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Swiss bank UBS has reached an agreement with US housing agencies to settle claims it had mis-sold mortgage investments.

UBS said it had reached an agreement in principle with the Federal Housing Finance Agency (FHFA) over the investments sold between 2004 and 2007.

In its statement, UBS also said it expected its second-quarter net profits for shareholders to total 690 million Swiss francs ($734 million).

UBS set aside a total of 865 million francs in the quarter to cover litigation.

Of that, 100 million francs is related to a deal with the UK authorities to disclose the account details of British tax evaders and hand back unpaid taxes.

The bank said that its wealth management business continued to see large inflows – totalling 10.1bn francs during the three-month period, the highest in six years.

Its US private banking business received an additional 2.7 billion francs of new client money, although 2 billion francs was withdrawn by clients from its asset management unit.

The influx of money comes despite the entire Swiss banking sector coming under scrutiny from foreign tax authorities and its own regulators.

UBS is currently under investigation from French and German authorities over allegations that it enabled tax evasion.

UBS reached an agreement in principle with the FHFA over the investments sold between 2004 and 2007

UBS reached an agreement in principle with the FHFA over the investments sold between 2004 and 2007

UBS’s board is refocusing the bank on serving wealthy clients, slimming down its investment banking and trading operations and cutting 10,000 jobs in the process.

The decision to make the investment bank subservient to its private banking business came after a string of scandals, including heavy losses on US mortgages during the financial crisis, losses incurred by the rogue London trader Kweku Adoboli, and UBS involvement in Libor-rigging.

The deal with the FHFA relates to residential mortgage-backed securities sold during the past decade’s US property bubble to federal housing agencies.

The underlying mortgages behind the investments later went bad, with many borrowers proving unable to repay their loans.

UBS is one of 18 international financial firms accused by the FHFA of mis-representing the mortgages as being better quality than they really were.

The FHFA is also representing Freddie Mac and Fannie Mae, which had to be rescued by the US government during the 2008 financial crisis.

The settlement comes after UBS and 13 other banks failed to have an appeals court intervene in the case, following what the banks claimed were “gravely prejudicial” rulings against them.

The bank’s estimated earnings were better than the 550 million – 575 million Swiss francs that analysts had been expecting, and up from 425 million francs during the same period a year ago.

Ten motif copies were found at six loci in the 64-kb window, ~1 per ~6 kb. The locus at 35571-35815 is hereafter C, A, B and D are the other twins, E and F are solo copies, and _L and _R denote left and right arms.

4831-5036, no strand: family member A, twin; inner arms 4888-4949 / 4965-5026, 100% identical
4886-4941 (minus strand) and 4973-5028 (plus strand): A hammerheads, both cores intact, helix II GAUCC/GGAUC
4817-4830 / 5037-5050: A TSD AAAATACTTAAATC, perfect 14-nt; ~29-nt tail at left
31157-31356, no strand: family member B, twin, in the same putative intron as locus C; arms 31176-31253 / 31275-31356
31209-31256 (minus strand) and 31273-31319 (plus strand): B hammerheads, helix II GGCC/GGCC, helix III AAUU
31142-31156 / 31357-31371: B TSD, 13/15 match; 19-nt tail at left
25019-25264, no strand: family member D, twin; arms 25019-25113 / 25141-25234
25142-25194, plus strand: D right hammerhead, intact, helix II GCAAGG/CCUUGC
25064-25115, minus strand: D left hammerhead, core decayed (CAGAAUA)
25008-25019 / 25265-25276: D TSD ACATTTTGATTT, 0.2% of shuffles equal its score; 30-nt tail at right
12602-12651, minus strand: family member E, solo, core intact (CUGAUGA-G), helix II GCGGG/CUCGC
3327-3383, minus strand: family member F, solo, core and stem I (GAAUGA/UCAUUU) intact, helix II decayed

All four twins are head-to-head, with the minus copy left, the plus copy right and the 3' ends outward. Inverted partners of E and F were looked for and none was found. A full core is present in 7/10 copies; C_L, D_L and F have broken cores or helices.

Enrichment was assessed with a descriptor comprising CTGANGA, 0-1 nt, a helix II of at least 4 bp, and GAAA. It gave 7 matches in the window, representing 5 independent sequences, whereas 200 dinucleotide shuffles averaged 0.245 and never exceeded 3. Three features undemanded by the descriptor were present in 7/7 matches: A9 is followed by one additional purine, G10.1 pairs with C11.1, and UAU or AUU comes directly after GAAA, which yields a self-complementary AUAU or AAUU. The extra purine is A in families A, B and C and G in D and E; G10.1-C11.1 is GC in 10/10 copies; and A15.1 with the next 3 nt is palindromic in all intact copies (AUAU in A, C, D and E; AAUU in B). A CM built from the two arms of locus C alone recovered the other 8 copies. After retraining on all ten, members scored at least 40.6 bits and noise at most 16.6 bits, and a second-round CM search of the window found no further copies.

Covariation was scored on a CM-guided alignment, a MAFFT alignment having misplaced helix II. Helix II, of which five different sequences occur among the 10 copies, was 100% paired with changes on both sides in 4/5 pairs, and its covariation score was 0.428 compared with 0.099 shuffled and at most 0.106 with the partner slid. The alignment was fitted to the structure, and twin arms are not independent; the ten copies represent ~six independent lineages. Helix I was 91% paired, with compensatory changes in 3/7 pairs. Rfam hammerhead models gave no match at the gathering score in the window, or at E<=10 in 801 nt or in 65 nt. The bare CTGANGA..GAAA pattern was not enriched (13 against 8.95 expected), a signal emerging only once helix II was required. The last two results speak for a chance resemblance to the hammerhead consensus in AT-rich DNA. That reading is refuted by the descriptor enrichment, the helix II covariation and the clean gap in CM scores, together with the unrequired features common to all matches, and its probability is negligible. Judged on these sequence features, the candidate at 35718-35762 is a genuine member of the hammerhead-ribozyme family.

Its share price rose more than 3% in early trading on Monday following the announcement.

UBS will announce its official results for the second quarter of the year on July 30.

Artist and dissident Ai Weiwei’s appeal against a tax evasion fine has been rejected by a Chinese court, his lawyer says.

Police barred Ai Weiwei from attending court in Beijing’s Chaoyang district to hear the verdict delivered.

Tax authorities imposed a 15 million yuan ($2.4 million) fine on Ai Weiwei’s firm for tax evasion in 2011.

Supporters say the fine is politically motivated and Ai Weiwei wanted the court to overrule the penalty.

”We will keep appealing, until the day comes when we have nothing to lose,” Ai Weiwei said via Twitter.

His lawyer Pu Zhiqiang, who was in court for the verdict, told reporters that the ruling was ”totally without reason”.

Ai Weiwei’s appeal against a tax evasion fine has been rejected by a Chinese court

Ai Weiwei’s appeal against a tax evasion fine has been rejected by a Chinese court

The artist, a outspoken critic of the government, was detained for almost three months without charge last year.

After he was released, he was accused of tax evasion and the fine imposed.

The Chinese authorities maintain that the firm, called Fake Cultural Development, owes them money and it must be paid back.

While Ai weiwei is a designer for Fake Cultural Development, his wife is the legal representative of his company.

The artist said earlier that police, stationed outside his home, had barred him from attending the court hearing.

”If I can’t even appear in court, what more does this country have to do with me?” he said over Twitter.

Security was tight at the court with reports of both uniformed and plainclothes police in the area and people, including journalists and diplomats, being turned away.

Ai Weiwei, 55, has said that the tax bill is pay-back for his activism and challenged it on the grounds that proper procedure had not been followed.

The Beijing court agreed to hear the case, in a surprise move.

“The entire judiciary is shrouded in darkness,” he said from his home in northeast Beijing after the verdict.

Born in 1957 in Beijing, Ai Weiwei, the son of one of China’s most famous poets, Ai Qing, has played a key role in contemporary Chinese art over the last two decades.

His involvement in the design of Beijing’s “Bird’s Nest” Olympic stadium brought him international prominence.

But he fell out of favor with authorities with his outspoken criticism over the Olympics and the devastating May 2008 Sichuan earthquake.

In December 2010, he was among a group of activists and critics banned from travelling. A month later, his studio in Shanghai was demolished after officials said he had failed to obtain planning permission for the building.

He was then detained in April 2011 at Beijing airport.